By Jenée Tibshraeny
The Commerce Commission is investigating the competition issues raised by Vero buying 19.99% of Tower’s shares, separately to it considering the insurance giant’s application to get the greenlight to take over Tower.
A document released to interest.co.nz under the Official Information Act (OIA) reveals the Commission is concerned competition in the general insurance market may be reduced by Vero in February and March buying nearly a fifth of the NZX and ASX-listed company’s shares.
Vero, as well as its joint venture partner AA Insurance, holds a 25% share of the general insurance market in New Zealand. If its bid to merge with Tower is successful, it will increase its market share to 30%.
Vero is wholly-owned by the ASX-listed company, Suncorp. It is the second largest general insurer in New Zealand behind Aussie-owned IAG.
While Vero made its clearance application voluntarily on March 2, the Commission began a separate investigation on its own accord on April 28.
While the former process is public, the latter isn’t.
However the latter is mentioned in the ‘Letter of Issues’ the Commission sent Vero on May 5, outlining the Commission’s concerns with the insurer’s merger application and giving it the opportunity to provide feedback on these.
Interest.co.nz has just received a redacted copy of this letter under the OIA. It says: “We consider that Vero’s completed acquisition of 19.99% of the shares in Tower could raise issues under section 47 of the Commerce Act 1986.
“The Commission has opened a separate section 47 investigation into this acquisition, which we are undertaking concurrently with our consideration of Vero’s application for clearance.”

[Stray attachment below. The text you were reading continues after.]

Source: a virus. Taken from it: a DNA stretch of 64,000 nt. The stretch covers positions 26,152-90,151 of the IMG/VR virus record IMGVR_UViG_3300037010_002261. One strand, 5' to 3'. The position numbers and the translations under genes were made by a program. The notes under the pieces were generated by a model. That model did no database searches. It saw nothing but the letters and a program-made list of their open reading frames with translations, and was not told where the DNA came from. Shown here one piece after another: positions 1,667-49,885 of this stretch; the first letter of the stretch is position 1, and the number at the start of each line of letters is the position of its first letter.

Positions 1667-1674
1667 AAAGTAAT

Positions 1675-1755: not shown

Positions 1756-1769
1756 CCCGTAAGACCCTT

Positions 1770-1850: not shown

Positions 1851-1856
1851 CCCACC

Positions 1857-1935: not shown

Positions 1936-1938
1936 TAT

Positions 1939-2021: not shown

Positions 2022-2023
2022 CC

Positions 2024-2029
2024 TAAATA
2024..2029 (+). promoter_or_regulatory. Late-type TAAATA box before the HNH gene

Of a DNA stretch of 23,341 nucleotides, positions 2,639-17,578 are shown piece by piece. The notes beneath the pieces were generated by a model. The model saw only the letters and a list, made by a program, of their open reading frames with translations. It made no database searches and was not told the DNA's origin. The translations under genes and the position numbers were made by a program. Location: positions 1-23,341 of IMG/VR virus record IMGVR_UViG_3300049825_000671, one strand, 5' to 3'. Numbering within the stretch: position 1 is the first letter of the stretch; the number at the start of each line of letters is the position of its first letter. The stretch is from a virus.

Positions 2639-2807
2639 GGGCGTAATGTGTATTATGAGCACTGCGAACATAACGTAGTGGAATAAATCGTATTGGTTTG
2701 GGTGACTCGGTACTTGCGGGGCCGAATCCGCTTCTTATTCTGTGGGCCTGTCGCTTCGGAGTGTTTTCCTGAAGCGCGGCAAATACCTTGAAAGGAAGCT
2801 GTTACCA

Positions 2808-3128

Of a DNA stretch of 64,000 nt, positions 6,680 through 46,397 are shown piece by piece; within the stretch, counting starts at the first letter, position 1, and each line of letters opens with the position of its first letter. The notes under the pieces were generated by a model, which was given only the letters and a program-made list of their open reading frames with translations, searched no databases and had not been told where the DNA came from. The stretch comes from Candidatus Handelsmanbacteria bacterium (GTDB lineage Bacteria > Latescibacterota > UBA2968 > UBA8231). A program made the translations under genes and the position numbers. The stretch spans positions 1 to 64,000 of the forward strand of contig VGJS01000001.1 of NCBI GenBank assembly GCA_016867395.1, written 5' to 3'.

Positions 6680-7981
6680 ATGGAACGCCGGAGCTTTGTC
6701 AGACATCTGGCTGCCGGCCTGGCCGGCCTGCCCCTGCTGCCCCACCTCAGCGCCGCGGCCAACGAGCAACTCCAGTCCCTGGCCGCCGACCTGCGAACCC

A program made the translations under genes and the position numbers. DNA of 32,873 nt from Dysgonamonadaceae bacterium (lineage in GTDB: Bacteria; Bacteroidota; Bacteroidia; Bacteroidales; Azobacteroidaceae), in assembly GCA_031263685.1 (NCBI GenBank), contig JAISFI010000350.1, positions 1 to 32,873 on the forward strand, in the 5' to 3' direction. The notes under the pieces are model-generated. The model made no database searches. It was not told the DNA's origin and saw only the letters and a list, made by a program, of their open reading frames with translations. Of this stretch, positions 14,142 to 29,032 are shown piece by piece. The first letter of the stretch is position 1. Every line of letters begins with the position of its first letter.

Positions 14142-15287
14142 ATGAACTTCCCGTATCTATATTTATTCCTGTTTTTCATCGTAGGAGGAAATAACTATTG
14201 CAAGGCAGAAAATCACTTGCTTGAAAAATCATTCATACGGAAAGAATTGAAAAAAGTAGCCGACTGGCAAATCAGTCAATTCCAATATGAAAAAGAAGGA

Section 47 of Commerce Act says: “A person must not acquire assets of a business or shares if the acquisition would have, or would be likely to have, the effect of substantially lessening competition in a market.”
Suncorp rejects ComCom's concerns
A Suncorp spokesperson says: "Suncorp strongly rejects the Commerce Commission’s concerns under section 47 of the Commerce Act...
"We have abided by all relevant laws throughout the acquisition process, and have worked constructively with the Commerce Commission on our application for clearance.
"We are unable to comment any further until the Commerce Commission announces its decision on 26 July."
If Vero gets clearance, the decision cannot be challenged under section 47 of the Commerce Act (provided the merger is completed within a year).
If the Commission doesn’t authorise the merger, and believes Vero breached the Commerce Act by buying 19.99% of Vero’s shares, it can take the insurer to the High Court.
The Commerce Commission has completed seven section 47 investigations since July 2012, with none of these leading to court proceedings.
Details around the section 47 investigation have been redacted from the Letter of Issues.
Merger would see insurance market ‘highly concentrated’
The Letter of Issues does however say that if Vero takes over Tower, the home, contents and motor vehicle insurance markets will be “highly concentrated”, with Vero and IAG “holding very high market shares”.